How do kids learn new vocabulary? What is the best way to nurture vocabulary development? I’ve always had a strong interest in building vocabulary and the role it plays in becoming a proficient reader and writer. Over the years, I have researched vocabulary development in-depth. I’m a big fan of the work of Isabel Beck, the author of Bringing Words to Life, in which she writes about vocabulary development and instruction.
My son would be considered a later talker by some. He didn’t say more than five words until he was 26 months old. Then, we were reading Cars, Trucks and Things That Go by Richard Scarry one day and my son said, “flat tire” on the page where all the cars and trucks run over nails. I was a bit stunned and quite amused. From that day on he spoke in two-word phrases quickly progressing to short sentences.
I’d say from the beginning that about 90% of what he said to me was clear from the start. So, what exactly has my 2 year-old taught me?
1. Vocabulary acquisition starts long before we can articulate it through reading, speech or writing. It starts with listening. We read all of the time in our house. Each time we read to kids we are planting the seeds of new vocabulary. Little ones love to have a book read over and over again. This works out great for vocabulary development because we need to hear new words over and over again until they become our own.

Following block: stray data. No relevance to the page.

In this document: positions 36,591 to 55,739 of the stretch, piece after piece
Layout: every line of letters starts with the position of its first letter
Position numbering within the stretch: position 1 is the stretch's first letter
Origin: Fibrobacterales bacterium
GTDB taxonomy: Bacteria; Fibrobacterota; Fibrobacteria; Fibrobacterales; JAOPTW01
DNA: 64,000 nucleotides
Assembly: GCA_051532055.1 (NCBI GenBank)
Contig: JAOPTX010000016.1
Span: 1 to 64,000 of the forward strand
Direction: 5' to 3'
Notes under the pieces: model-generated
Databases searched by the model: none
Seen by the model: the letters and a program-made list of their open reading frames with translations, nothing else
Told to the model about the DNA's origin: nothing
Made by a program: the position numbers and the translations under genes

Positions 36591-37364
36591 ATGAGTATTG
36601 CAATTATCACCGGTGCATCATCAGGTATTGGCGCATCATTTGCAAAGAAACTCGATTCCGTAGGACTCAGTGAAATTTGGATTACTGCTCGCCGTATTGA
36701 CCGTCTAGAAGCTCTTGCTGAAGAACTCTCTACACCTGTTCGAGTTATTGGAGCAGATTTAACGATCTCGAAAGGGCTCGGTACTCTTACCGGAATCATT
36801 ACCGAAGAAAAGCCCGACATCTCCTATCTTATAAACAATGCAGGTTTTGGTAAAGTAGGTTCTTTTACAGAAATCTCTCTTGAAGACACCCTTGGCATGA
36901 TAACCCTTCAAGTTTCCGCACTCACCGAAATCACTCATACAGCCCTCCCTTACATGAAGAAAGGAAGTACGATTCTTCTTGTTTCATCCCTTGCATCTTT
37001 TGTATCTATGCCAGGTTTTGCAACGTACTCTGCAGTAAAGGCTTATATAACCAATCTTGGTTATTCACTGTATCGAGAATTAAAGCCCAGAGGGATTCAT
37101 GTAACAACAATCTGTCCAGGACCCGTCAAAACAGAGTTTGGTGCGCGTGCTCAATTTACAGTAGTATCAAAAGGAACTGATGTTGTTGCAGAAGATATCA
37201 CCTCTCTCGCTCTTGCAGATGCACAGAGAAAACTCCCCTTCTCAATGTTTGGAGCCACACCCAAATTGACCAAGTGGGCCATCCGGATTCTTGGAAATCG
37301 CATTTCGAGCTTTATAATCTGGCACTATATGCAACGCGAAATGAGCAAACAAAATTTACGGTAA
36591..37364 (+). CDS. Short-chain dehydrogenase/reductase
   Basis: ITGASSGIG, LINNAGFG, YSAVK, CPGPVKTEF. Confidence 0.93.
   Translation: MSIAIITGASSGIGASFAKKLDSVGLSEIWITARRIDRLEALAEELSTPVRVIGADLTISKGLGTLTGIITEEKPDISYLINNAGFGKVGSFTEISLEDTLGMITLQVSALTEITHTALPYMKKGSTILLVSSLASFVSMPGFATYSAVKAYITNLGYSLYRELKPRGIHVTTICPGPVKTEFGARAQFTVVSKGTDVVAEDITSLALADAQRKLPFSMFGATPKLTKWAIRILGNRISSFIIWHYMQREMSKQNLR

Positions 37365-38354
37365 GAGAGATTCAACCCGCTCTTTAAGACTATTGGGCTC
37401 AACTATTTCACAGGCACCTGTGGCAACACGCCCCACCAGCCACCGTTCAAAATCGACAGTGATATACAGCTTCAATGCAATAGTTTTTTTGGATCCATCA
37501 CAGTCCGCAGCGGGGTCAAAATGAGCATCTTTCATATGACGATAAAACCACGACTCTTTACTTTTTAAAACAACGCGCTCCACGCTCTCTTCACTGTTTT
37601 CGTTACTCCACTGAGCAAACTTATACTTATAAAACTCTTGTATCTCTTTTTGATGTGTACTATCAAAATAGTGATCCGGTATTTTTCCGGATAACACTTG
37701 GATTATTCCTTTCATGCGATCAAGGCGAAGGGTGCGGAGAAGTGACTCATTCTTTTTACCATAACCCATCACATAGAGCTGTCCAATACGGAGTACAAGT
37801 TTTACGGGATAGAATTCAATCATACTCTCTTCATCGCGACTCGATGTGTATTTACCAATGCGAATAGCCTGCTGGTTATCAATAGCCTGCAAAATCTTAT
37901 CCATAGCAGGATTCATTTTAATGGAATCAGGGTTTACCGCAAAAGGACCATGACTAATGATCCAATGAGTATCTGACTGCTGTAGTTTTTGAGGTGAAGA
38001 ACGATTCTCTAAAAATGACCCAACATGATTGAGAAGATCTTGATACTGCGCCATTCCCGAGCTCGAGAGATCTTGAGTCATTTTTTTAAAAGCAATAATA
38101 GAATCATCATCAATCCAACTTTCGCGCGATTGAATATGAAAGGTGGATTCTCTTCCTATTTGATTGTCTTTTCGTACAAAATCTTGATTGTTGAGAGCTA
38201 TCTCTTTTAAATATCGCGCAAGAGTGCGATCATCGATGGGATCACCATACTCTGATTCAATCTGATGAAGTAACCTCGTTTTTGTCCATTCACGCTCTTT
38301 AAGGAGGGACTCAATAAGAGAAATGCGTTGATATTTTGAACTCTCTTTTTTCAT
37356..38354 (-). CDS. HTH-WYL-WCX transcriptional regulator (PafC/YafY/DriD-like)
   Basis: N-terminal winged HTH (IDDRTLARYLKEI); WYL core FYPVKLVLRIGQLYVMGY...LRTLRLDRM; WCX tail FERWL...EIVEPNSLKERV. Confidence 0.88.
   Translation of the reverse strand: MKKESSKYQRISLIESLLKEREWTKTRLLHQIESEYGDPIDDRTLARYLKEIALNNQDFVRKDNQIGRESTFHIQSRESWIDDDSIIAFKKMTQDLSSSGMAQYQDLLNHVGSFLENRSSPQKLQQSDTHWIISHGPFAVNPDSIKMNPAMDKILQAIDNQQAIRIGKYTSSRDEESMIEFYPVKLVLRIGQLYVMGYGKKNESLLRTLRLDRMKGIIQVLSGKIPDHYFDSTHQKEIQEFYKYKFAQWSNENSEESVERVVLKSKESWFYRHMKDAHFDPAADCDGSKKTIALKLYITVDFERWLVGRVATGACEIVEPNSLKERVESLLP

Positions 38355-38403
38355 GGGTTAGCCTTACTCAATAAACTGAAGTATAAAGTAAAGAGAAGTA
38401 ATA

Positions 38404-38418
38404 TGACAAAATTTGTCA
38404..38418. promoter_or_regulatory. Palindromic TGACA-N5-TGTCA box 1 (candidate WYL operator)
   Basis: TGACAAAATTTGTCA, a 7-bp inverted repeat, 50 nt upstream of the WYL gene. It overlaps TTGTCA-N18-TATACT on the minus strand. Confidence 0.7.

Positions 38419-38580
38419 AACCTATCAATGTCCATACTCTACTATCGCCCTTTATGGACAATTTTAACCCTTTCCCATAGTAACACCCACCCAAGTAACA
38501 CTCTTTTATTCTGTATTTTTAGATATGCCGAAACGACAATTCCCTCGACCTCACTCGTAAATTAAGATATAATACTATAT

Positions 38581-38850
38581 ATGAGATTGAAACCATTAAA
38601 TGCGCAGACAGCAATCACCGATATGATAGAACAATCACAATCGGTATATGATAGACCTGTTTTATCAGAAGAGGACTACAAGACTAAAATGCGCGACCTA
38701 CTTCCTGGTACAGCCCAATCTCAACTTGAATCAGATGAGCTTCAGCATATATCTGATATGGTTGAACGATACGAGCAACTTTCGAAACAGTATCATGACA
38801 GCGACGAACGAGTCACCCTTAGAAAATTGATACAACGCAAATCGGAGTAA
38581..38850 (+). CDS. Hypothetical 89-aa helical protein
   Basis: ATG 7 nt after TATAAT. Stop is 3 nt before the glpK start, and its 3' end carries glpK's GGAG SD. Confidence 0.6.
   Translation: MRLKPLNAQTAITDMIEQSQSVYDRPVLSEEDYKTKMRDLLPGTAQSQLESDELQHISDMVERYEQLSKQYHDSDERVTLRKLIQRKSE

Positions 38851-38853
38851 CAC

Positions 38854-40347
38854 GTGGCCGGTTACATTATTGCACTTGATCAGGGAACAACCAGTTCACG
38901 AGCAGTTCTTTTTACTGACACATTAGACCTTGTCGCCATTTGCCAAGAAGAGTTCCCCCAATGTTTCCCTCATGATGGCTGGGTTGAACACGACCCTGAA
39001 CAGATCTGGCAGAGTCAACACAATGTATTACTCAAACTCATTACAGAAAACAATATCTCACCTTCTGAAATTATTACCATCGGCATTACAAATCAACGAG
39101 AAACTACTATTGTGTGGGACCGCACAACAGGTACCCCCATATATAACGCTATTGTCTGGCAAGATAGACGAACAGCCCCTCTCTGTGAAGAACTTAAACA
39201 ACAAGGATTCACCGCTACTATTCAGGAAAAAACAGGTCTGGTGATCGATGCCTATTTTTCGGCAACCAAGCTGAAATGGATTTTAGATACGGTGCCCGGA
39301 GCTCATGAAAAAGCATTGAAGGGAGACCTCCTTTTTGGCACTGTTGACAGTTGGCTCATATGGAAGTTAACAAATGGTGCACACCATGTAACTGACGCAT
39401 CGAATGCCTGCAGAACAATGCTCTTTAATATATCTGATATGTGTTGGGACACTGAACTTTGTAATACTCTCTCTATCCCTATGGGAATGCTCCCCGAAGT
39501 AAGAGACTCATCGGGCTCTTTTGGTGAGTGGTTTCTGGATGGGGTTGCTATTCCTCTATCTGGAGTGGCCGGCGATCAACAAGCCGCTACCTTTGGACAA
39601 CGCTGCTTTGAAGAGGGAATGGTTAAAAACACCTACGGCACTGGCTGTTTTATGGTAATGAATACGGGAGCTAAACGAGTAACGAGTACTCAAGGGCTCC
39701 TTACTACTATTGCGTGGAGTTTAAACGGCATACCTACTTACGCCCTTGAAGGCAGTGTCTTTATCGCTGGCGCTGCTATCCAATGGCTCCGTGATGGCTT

2. Once we acquire a new word we have to practice it. My son loves the word “silly” right now. He likes to look for situations where he can associate the word with an event that is happening, a picture or something he hears. He is constantly look for opportunities to name the word in multiple contexts.
3. To help define the word, it helps to say what it is not. For example, my little one might say, “That’s not hard. That pillow isn’t hard. That’s silly (remember this is his fun word right now!).” Learning examples and non-examples helps to clarify the vocabulary word.
4. Conversations are one of the strongest ways to build vocabulary. I’m fortunate that I get to stay home with my boys and talk with them all day. Yes, it can be tiring. However, I love to hear about what they are thinking. Talking with kids is a super powerful way to increase vocabulary naturally.
Why is vocabulary so important?
Having a strong vocabulary aids in comprehension and word recognition. Watching a toddler acquire new vocabulary teaches us how any person can/should acquire new words.
So, please don’t have kids copy definitions of words or memorize definitions. Instead, help kids to connect new word/concepts with prior knowledge. Let them come up with definitions in their “own words”.
And most important- read, read, read!
For more information on vocabulary and some of my favorite vocabulary games see my post, Vivacious Vocabulary. You might also enjoy, Books to Get Kids Excited About Vocabulary. What fun activities do you do to help promote vocabulary?